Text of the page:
Ibrahim Yagci is bringing a taste of Istanbul to Church Street.
The owner of Simit House Bakery & Co. recently opened a corner café in the space vacated early this year by the Tory Janes shoe shop. Yagci will serve simits–sesame studded circular loops of bread sold for centuries by street vendors in his native country.
Although simits are sometimes called “Turkish bagels,” that’s a bit of a misnomer. They’re closer to a pretzel-bagel hybrid. Unlike bagels, simits aren’t boiled before baking. Instead, they’re dipped in a mix of molasses and water, then dredged in sesame seeds and baked. They taste nutty and bread-like, rather than rubbery and dense, and are infinitely easier to bite into. While it’s true that simits and bagels are both created from a ring of dough, so are doughnuts–and even cronuts (croissant-doughnuts). We in the New York metro area sure like our doughy hybrids.
Yagci’s inexpensive, all-natural simits can be eaten plain, with flavorful sour cherry jam, or served with a selection of sides that include labneh (strained yogurt), hummus, olive paste, feta, and the less traditional Nutella.
Simits, while new to Montclair, have long been available in Middle Eastern grocery stores and bakeries in parts of Brooklyn and Queens. You can also get them at Paterson’s Taskin Bakery, and Simit & Smith of Cliffside, NJ, has several outposts in Manhattan.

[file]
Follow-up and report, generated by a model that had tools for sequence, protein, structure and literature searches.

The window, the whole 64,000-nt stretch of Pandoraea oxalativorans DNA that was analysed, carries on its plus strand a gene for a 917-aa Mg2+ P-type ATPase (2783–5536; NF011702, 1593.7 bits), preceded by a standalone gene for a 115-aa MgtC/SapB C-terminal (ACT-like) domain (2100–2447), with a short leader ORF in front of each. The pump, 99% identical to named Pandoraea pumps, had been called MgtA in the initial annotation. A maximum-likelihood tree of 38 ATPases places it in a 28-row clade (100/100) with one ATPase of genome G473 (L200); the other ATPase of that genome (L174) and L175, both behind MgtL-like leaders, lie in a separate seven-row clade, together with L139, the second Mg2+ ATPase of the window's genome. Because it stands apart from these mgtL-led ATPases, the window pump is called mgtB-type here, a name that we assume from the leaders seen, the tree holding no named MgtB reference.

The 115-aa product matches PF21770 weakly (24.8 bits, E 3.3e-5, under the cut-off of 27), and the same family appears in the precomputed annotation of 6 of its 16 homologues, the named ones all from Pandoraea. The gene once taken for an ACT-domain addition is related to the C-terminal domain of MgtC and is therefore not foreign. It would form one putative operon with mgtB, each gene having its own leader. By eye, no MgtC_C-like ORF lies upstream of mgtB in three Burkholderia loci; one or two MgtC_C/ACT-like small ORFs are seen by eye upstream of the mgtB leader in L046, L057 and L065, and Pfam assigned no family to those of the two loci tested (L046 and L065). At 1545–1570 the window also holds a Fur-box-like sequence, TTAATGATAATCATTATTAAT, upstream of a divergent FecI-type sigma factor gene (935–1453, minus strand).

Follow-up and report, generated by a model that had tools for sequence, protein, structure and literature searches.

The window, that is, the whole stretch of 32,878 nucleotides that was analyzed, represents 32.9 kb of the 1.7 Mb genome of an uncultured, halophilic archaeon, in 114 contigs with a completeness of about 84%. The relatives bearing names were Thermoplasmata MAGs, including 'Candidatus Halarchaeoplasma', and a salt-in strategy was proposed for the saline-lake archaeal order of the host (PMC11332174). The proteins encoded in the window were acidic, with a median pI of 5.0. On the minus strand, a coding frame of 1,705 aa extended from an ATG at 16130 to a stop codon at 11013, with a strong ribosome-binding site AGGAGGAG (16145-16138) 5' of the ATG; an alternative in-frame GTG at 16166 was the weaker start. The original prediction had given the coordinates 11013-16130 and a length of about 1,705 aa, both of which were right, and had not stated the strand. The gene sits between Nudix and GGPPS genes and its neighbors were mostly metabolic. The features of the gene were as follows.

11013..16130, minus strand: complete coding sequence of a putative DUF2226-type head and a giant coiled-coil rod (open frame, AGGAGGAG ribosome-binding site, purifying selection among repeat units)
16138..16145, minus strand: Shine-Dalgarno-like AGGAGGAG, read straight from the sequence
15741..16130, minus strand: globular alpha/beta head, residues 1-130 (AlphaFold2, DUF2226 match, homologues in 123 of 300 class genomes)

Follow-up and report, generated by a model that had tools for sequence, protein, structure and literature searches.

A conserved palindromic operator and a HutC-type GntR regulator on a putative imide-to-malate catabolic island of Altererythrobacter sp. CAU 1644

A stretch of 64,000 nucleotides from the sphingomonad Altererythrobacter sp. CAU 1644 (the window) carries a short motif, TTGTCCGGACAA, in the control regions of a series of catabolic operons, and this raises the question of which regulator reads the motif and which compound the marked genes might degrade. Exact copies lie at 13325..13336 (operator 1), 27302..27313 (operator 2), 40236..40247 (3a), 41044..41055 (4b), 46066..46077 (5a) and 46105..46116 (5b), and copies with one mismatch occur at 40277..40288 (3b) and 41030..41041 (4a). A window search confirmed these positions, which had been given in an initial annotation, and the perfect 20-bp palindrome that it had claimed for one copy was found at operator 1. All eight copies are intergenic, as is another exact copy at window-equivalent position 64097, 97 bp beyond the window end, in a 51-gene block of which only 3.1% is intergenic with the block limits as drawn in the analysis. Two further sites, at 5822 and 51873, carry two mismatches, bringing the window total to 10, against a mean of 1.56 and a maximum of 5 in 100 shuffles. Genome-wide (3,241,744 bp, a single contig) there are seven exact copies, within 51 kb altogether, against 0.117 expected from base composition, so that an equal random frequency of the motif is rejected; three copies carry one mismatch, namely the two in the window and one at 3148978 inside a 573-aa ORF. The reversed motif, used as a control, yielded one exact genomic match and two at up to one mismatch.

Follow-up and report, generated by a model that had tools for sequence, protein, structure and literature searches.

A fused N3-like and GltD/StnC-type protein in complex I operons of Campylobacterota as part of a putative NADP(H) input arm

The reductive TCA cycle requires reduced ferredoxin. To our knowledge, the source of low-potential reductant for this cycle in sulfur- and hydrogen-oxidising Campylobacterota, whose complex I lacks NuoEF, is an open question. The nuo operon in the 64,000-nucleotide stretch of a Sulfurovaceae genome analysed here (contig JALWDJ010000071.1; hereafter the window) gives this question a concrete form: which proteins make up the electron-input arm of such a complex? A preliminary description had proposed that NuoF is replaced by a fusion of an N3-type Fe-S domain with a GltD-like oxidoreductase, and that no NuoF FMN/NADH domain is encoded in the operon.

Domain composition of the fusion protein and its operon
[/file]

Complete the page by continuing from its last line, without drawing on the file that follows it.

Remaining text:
Why did Yagci open shop in Montclair, rather than Manhattan? “I love it here. It’s the best town around,” says Yagci, who lived for a short time in Montclair before moving to Clifton a couple of years ago. “I love the demographics, and that people are willing to try new things.”
The bakery is selling other Turkish foods as well, most notably pogaca (poo-WAH-chuh), which looks something like an empanada, and is stuffed with olive paste (my favorite), feta, chocolate, or raisin and walnuts. For those looking for a heartier fare, Simit House Bakery will soon be serving omelets, along with chicken, turkey, roast beef and vegetarian sandwiches.
Yagci’s imported Turkish coffee deserves special mention. The super finely ground beans are boiled in a pot and served in lovely porcelain cups, where the grounds are allowed to settle. One small serving delivers a sweet, potent dose of caffeine. “It’s a legal drug,” confirms Yagci. (You can also get wonderfully rich Turkish coffee at Java Love in Upper Montclair.)
And don’t dare miss dessert. Yagci serves traditional baklava, and a darker, similar pastry called sarma, which means “wrap” in Turkish. “It’s very elegant, and was traditionally served in palaces,” says Yagci, who describes it as phyllo dough loaded with caramelized pistachios. I loved that the treat was less sticky and sweet than baklava. It’s yet another “Turkish delight” to be discovered at Simit House Bakery.
2 Church Street, Montclair
Mon-Thurs: 8 AM to 8 PM
Fri: 8 AM to 10 PM
Sat-Sun: 9 AM to 10-11 PM